Networking technology (Ethernet, LANs, and WANs) and the use of the Internet are ubiquitous. This technology (open, standards-based networking) was initially applied to business systems and other communication systems where timing was not critical, and the "store and forward" approach was routine or expected. Because it was also recognized that these systems would be sending confidential information over unsecured networks, electronic security was part of the system or application design early in the development of the technology. Process and plant operational systems such as "real time" plant control and SCADA systems were originally designed as proprietary, stand-alone systems where security was provided by physical isolation and limited access control (that is, log-on identification). Now, deregulation, productivity enhancements, corporate desire for control system information through such tools as Enterprise Resource Planning (ERP), and other changes are mandating enormous increases in information sharing. The electric power and other traditionally "isolated" industries are adopting more open, standards-based networking technology and/or the Internet to provide increased information sharing in their operations. It has been assumed that the information will be secure and all users would be trusted users.
Electronic vulnerabilities in operational systems are created by a variety of factors including:
- Equipment suppliers provide modems for remote access as part of their standard system configuration and utilize default passwords.
- Plant staffs are reluctant to change default passwords because of operator performance considerations during emergency events.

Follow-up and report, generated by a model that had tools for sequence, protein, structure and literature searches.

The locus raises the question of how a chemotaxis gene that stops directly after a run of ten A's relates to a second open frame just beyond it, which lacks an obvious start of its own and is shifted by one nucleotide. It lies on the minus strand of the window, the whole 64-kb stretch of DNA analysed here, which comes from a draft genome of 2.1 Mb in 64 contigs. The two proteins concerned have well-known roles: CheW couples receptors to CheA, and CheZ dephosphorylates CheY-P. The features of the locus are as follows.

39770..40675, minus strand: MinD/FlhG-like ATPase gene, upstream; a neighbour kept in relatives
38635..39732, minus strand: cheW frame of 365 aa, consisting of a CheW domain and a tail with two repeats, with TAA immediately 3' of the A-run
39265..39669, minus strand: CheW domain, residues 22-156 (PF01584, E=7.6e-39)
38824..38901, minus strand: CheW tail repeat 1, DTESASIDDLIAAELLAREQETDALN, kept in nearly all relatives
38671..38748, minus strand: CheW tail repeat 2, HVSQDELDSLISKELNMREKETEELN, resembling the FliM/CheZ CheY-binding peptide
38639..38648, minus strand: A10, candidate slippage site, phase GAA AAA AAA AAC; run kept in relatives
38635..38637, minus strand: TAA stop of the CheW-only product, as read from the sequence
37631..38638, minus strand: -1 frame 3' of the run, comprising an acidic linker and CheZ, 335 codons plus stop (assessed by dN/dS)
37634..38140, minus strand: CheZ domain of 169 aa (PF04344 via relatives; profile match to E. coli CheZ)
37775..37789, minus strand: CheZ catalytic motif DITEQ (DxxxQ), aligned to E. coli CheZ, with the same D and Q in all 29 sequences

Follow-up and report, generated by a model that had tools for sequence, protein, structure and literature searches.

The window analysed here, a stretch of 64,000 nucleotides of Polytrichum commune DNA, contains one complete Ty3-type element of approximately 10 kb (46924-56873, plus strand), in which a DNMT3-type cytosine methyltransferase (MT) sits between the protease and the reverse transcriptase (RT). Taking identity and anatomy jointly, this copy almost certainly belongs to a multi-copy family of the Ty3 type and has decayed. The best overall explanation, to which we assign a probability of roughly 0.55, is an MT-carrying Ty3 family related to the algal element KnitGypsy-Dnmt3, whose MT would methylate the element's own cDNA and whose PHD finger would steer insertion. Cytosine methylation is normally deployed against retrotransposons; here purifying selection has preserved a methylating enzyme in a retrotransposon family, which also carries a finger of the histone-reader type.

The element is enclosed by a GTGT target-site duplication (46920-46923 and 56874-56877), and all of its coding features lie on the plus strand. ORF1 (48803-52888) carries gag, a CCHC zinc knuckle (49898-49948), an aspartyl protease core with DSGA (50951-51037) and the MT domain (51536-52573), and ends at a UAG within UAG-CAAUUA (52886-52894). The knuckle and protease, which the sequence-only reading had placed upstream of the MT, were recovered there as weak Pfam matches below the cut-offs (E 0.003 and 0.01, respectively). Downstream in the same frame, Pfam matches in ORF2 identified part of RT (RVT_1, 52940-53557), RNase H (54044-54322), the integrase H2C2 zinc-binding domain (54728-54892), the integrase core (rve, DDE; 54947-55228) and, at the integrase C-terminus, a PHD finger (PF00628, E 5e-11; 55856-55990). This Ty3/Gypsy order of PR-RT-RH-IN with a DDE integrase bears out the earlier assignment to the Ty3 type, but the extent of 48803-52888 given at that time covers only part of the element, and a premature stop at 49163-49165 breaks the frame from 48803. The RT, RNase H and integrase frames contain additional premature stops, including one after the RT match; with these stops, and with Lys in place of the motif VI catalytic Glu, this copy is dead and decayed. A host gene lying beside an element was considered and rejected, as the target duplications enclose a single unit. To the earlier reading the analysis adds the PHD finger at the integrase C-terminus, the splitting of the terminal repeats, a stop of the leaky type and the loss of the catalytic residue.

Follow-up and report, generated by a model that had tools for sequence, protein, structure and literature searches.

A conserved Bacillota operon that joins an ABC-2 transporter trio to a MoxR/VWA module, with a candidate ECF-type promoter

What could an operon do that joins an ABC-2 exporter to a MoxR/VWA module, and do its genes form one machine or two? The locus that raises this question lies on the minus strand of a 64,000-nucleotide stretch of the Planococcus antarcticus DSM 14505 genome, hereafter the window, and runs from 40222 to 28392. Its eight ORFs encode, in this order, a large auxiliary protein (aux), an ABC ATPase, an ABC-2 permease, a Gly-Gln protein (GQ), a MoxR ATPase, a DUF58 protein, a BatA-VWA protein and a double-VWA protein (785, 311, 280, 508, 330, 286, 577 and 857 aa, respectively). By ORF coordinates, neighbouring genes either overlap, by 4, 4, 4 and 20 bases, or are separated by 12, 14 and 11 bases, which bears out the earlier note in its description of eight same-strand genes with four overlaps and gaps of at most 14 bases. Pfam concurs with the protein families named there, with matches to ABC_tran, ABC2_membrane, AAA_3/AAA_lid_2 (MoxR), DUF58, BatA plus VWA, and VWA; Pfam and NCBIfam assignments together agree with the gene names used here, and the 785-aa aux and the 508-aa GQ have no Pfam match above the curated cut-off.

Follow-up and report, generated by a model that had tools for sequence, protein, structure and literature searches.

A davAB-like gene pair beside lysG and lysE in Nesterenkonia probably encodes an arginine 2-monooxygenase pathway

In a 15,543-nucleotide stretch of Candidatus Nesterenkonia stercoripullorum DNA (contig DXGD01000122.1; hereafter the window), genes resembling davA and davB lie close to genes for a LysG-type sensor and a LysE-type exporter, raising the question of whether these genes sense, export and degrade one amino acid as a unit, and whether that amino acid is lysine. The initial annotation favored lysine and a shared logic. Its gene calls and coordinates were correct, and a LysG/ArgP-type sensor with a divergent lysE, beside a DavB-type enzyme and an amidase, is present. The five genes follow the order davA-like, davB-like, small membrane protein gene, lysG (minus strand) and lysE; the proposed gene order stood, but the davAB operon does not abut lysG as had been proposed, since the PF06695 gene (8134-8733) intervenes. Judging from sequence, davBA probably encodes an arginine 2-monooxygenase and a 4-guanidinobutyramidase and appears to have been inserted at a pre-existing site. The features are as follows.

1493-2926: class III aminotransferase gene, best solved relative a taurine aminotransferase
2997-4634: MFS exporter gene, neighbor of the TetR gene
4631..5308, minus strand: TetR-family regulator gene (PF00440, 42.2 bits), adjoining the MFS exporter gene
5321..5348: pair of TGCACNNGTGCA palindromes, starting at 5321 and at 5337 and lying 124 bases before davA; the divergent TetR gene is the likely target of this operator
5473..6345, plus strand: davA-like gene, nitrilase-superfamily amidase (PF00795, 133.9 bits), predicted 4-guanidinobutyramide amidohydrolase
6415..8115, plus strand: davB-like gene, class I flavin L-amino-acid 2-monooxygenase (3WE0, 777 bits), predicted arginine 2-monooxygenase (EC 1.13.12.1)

- Plant and corporate staff use of remote access tools such as PCAnywhere or XWindows.
- Security patches often are not supplied to the end-users or are not applied for fear of impacting system performance.
- Most new control and diagnostic hardware and software are web-enabled.
- Control system networks utilize Internet-based control and diagnostic applications without IT Security being aware.
- Power marketers use the Internet to access DCS and SCADA systems for real-time information.
- Insecure communication protocols exist between control systems.
- Applications of tools such as ActiveX controls are insecure.</ul>
Control Systems are Different than IT Systems
The prevailing belief has been that information security technologies, policies, procedures, and standards developed for traditional IT business systems would apply to all systems using networking technologies. However, it has been demonstrated that the real-time nature of operational control systems creates a different set of conditions that has not been adequately addressed by more traditional IT technology approaches.
Traditional IT business systems are non-deterministic and communicate peer-to-peer. Consequently, tasks are performed in a linear manner. This allows these systems to utilize existing security technology such as block encryption algorithms.